Shakespeare wrote “what’s past is prologue,” but the strong production of ‘The Little Foxes,’ which opened Thursday night at Arena Stage’s Kreeger Theater demonstrates how clearly Lillian Hellman’s 1939 play resonates today.
“God forgives those who invent what they need,” quips Ben Hubbard (Edward Gero) with a perspective on honesty Donald Trump would envy. Ben reflects on the impact of some rhetorical flourishes he and his brother Oscar Hubbard (Gregory Linington) have just deployed to present Chicago investor William Marshall (James Whalen) with a commercial plan for the family’s cotton holdings.
The company delivers performances that reflect its collective wealth of experience.
The Hubbard brothers are business partners and they’ve made a good amount of money, but they want more. Ben takes pains to point out key social distinctions, like the fact that among the family only Oscar’s wife Birdie (Isabel Keating) descends from true Southern aristocracy. The play’s plot revolves around attempts – which start straightforwardly and devolve from there – by Ben, Oscar and their sister Regina Hubbard (Marg Helgenberger of ‘CSI: Crime Scene Investigation’) to convince her husband Horace Giddens (Jack Willis) to provide the last of the investment financing they need to put their deal with Mr. Marshall in motion.
Profit is the main goal, but there are secondary ones: in Ben’s case, besting rivals (his siblings), in Oscar’s case, keeping your head above water as a familial second-fiddle. The younger generation has a keen eye for the dynamics at play, but different responses to them. Oscar and Birdie’s son Leo Hubbard (Stanton Nash) seeks with his mother’s nervous intensity to emulate them; Regina and Horace’s daughter Alexandra (Megan Graves) spends the play building up her rejection of them and insists on treating her family members as people, not pawns to be manipulated. Meanwhile, the Hubbard family’s African-American servants, Addie (Kim James Bey) and Cal (David Emerson Toney), see all but say little.
Hellman takes her timeless title from the Bible’s Song of Solomon (“Take us the foxes, the little foxes, that spoil the vines, for our vines have tender grapes”). Her play premiered the same year as “Gone with the Wind” when the post-Civil War South was a popular subject. James Goldman later took the theme of a backbiting elite family to 12th century England in “The Lion in Winter” (1968). Today’s audience may see the family dynamics on stage and think “Game of Thrones.” Hellman’s themes, while set firmly within her chosen time period, are timeless.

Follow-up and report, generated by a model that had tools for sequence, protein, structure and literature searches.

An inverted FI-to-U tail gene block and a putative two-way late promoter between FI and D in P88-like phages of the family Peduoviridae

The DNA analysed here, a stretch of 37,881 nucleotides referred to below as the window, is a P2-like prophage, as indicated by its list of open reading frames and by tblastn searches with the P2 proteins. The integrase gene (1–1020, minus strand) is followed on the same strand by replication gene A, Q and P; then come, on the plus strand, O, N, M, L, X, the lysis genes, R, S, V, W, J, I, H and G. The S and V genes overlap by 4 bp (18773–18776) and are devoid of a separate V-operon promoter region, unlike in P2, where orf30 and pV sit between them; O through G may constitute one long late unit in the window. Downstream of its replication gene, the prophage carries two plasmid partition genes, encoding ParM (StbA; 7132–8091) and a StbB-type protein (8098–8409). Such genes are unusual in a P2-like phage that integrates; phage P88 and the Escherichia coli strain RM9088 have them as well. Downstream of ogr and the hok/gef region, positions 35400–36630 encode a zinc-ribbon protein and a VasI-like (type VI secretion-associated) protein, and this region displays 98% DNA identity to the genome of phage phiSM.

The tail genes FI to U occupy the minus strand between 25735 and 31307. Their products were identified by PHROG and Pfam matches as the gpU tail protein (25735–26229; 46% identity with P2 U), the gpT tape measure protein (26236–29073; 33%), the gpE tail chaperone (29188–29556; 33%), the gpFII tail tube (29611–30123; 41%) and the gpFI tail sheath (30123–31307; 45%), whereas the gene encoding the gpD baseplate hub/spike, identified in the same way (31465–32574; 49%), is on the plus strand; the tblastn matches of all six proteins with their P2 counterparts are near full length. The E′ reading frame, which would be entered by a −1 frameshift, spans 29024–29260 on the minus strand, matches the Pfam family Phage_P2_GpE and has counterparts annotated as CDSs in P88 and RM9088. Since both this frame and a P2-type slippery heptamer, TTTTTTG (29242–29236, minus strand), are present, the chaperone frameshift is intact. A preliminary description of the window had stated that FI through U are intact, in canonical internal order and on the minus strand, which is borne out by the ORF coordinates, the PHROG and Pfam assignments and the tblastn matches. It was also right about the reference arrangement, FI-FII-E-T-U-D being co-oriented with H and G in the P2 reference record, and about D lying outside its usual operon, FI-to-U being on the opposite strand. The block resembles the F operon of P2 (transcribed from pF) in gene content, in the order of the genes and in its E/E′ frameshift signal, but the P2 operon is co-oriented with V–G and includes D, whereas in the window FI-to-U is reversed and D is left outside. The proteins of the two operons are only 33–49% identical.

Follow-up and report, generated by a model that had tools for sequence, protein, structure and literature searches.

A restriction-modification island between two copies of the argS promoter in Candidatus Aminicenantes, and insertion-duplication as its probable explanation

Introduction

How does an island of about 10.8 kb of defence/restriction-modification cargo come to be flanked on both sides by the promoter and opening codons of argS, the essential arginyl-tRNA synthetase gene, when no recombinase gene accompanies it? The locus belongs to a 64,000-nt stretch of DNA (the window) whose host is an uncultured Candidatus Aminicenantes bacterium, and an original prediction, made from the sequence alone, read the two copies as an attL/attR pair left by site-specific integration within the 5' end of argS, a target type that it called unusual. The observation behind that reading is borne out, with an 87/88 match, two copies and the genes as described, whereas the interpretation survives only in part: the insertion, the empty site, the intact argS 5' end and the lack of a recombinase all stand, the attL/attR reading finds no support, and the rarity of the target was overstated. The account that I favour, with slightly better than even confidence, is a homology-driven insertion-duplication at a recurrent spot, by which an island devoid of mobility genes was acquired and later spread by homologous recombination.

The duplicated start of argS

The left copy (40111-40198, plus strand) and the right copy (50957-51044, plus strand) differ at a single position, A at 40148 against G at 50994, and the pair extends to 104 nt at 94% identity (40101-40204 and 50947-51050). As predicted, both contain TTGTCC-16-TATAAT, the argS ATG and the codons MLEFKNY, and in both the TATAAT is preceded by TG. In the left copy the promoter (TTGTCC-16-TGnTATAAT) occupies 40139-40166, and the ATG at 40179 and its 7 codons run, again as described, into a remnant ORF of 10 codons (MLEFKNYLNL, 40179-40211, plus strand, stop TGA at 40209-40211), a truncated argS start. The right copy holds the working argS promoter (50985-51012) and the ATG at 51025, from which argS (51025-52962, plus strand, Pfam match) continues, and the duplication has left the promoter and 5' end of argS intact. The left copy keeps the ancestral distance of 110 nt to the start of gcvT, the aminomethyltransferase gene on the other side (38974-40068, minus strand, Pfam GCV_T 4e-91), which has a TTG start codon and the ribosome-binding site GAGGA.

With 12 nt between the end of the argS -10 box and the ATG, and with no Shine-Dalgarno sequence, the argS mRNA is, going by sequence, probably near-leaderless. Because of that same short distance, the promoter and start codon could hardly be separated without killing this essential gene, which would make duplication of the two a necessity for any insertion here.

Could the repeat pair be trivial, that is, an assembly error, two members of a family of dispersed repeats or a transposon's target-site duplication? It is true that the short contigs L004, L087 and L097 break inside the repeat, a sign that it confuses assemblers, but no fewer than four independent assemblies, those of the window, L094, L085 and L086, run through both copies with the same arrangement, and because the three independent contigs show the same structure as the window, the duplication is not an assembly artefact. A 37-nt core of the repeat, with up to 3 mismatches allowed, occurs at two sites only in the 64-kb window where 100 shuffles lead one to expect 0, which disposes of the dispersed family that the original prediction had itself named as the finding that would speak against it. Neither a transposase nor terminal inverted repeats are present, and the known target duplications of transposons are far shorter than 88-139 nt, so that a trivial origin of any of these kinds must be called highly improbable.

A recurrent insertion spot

Director Kyle Donnelly, a long-term Arena veteran, uses both the depth and height of the Kreeger’s stage space to great effect, presenting the sense of an entire home while establishing private spaces on stage. Occasionally, however, her willingness to put a character’s back to the audience for extended beats locks us out of their world (this was particularly notable in the play’s crucial final scene).
Set Designer Mikiko Suzuki MacAdams creates the Hubbard’s richly-appointed circa-1900 home, but adds a desolate landscape on the back wall, suggesting that the Hubbard’s splendor sits in a wilderness (or do they live in a glass house?) The home’s central staircase – specified by Hellman and central to the plot – makes characters traveling to the home’s second floor literally disappear into the heavens. Conversely, when Helgenberger’s Regina descends from them in a halo of stage light and clad in one of Costume Director Jess Goldstein’s striking looks, the visual is perversely powerful. Ryan Rumery’s sound design is clean throughout, subtly underscoring rising tension in the scenes. But it begs the question: can the actors not be trusted with Hellman’s words to achieve that on their own?
The company delivers performances that reflect its collective wealth of experience. Gero and Linington are area regulars who were seen most recently in The Shakespeare Theatre Company’s Free-for-All revival of “The Tempest” last month. Stanton Nash and Megan Graves deserve special credit for crafting rich characters in comparatively less stage time. As Hellman’s vessels for asking whether the rising generation will be business-as-usual or stand for change, Nash and Graves’ roles are crucial. They are stage veterans in their own right, and it shows.
As dying patriarch Horace Giddens, Jack Willis is relentlessly compelling. Willis starred as LBJ in Donnelly’s production of “All the Way” at Arena last year, a role he originated at the Oregon Shakespeare Festival. It is no surprise, then, that he embodies power on stage. In this case, Willis captures Horace’s pain – emotional and physical – in assessing the personal costs of his lifetime of financial achievements. Willis is the broken, beating heart of the play, and he is mesmerizing. As Regina, Marg Helgenberger embodies a regal Southern Belle. She establishes her characters’ allure and dangerous potential. But as the plot darkens, the audience seems to be left waiting for a turn to Regina’s sinister side that never fully arrives.
Hellman is one of the great 20th Century American playwrights, and Arena Artistic Director Molly Smith is placing special focus on her work this season (next up is “Watch on the Rhine,” starting February 3). Her dialogue addresses themes – racism and income inequality chief among them – that are painfully relevant in this election season. “There were people who ate the earth and other people who stood around and watched them do it,” Alexandra repeats at the play’s end. She resolves not to just stand around and watch. It is a call to action from Hellman, then as now.
Running Time: Approximately 2 hours and 45 minutes with two intermissions.
‘The Little Foxes’ plays through October 30, 2016 at Arena Stage’s Kreeger Theater. For more information, click here.